• Prosperous – Umm, no. I’m afraid I care little for prosperity as long as I have enough to get by and, tbh, I tire quickly of material things, although once I have them, I am loathe to part with them (especially books).
  • Practical – I’m informed that others see my making Tarot bags and cloths as a QoP quality, but I would say that the creative aspect of that activity is more Wands, though I might concede that slaving over the construction (in my very own sweat-shop) is Pentacular.
  • Down to Earth – Oh, yes, I’m very much that, but again, I attribute this to Swords logic.

In conclusion, I do have an inner Queen of Pentacles, but only certain aspects of her and I don’t really identify with her much, I’m afraid. The bits that I do identify with are related to food, so I will leave you with a recipe.

Queen of Pentacles Quiche

The eggs symbolise fertility, the courgettes (and tomato) are from the harvest, the cheese, butter and cream represent richness, and the flour is from the Pentacle grindstone 🙂


1 small/medium Courgette, sliced
2 eggs, beaten
5 fl.oz (150ml) single cream or whole milk*
2-3oz (50-75g) Stilton or blue cheese (approx.)
sun-dried tomato puree (optional)
butter and olive oil for frying
salt and pepper

(*milk is the less rich option but don’t be tempted to use skimmed, as it is too watery)

For the Pastry:

8oz (225g) plain flour
2oz (50g) butter
2oz (50g) lard
pinch of salt
a little chilled/cold water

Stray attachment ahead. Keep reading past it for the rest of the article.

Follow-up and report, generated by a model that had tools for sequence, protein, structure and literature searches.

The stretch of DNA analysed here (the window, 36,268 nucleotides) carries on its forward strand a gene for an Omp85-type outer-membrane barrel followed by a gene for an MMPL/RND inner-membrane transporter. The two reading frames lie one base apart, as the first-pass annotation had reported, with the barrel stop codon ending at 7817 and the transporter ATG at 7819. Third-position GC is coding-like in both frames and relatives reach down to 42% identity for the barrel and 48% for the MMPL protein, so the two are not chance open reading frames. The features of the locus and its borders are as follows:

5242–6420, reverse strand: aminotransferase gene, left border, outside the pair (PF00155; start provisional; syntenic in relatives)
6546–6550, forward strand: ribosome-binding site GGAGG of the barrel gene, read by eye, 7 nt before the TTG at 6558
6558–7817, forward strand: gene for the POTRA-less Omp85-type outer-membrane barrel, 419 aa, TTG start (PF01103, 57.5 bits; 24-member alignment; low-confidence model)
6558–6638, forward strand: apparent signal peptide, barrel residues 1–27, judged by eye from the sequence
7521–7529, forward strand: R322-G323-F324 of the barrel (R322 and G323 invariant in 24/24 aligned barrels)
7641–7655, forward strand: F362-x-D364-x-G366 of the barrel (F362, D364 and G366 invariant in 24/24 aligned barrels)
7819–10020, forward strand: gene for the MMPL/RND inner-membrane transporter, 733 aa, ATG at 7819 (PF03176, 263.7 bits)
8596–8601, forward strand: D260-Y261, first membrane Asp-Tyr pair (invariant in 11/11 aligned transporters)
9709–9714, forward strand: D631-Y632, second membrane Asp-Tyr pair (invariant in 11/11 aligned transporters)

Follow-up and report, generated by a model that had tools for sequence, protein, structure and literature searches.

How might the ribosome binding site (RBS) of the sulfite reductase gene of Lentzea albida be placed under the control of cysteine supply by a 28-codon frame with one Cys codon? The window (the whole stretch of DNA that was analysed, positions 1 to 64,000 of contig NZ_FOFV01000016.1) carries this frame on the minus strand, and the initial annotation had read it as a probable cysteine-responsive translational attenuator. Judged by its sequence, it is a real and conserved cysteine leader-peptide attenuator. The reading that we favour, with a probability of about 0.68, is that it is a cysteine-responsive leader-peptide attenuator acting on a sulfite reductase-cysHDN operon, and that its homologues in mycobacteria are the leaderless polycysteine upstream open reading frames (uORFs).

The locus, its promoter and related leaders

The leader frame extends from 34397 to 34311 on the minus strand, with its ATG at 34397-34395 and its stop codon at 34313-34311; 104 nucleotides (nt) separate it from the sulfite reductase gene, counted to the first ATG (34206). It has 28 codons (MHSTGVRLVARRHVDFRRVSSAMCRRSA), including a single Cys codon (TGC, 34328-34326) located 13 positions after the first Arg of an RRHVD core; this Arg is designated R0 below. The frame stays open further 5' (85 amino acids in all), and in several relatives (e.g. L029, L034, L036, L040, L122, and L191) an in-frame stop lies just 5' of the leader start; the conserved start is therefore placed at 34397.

To make the pastry, sift the salt with the flour and rub in the fat. Add 3-4 tbsps or enough cold water to make a smooth dough. (Alternatively, put the flour, salt and fats into a food processor and whizz to combine, then add water a little at a time to form the dough.) Do not over-handle the dough. You can either use it straight away or chill it in the fridge until required.

Roll out the dough and line a greased and lightly floured 8″ or 9″ quiche or flan dish. (The smaller dish will give a deeper-filled quiche and require slightly longer cooking time). Bake blind in the oven at 200C for 10-15 minutes. (I use pastry weights on top of a piece of greaseproof paper or foil to stop the pastry rising.) Surplus or offcuts of pastry can be use to make small sweet or savoury tarts.

Meanwhile, lightly cook the courgettes in a mixture of olive oil and butter until softened, but not soggy, and leave to cool. Beat the eggs with the cream or milk. When the pastry is done, remove from the oven and, if using, spread a layer of tomato puree on the base. Layer on the courgettes and intersperse with crumbled Stilton, then pour over the egg mixture and season. You can also sprinkle on some herbs – either dill, parsley, tarragon, basil or snipped chives, according to your preferences. Return to the oven at 180-200C for about 20-25 minutes if you are using a shallow dish, 25-30mins for a deeper dish or until set. Test with a skewer or cocktail stick for set.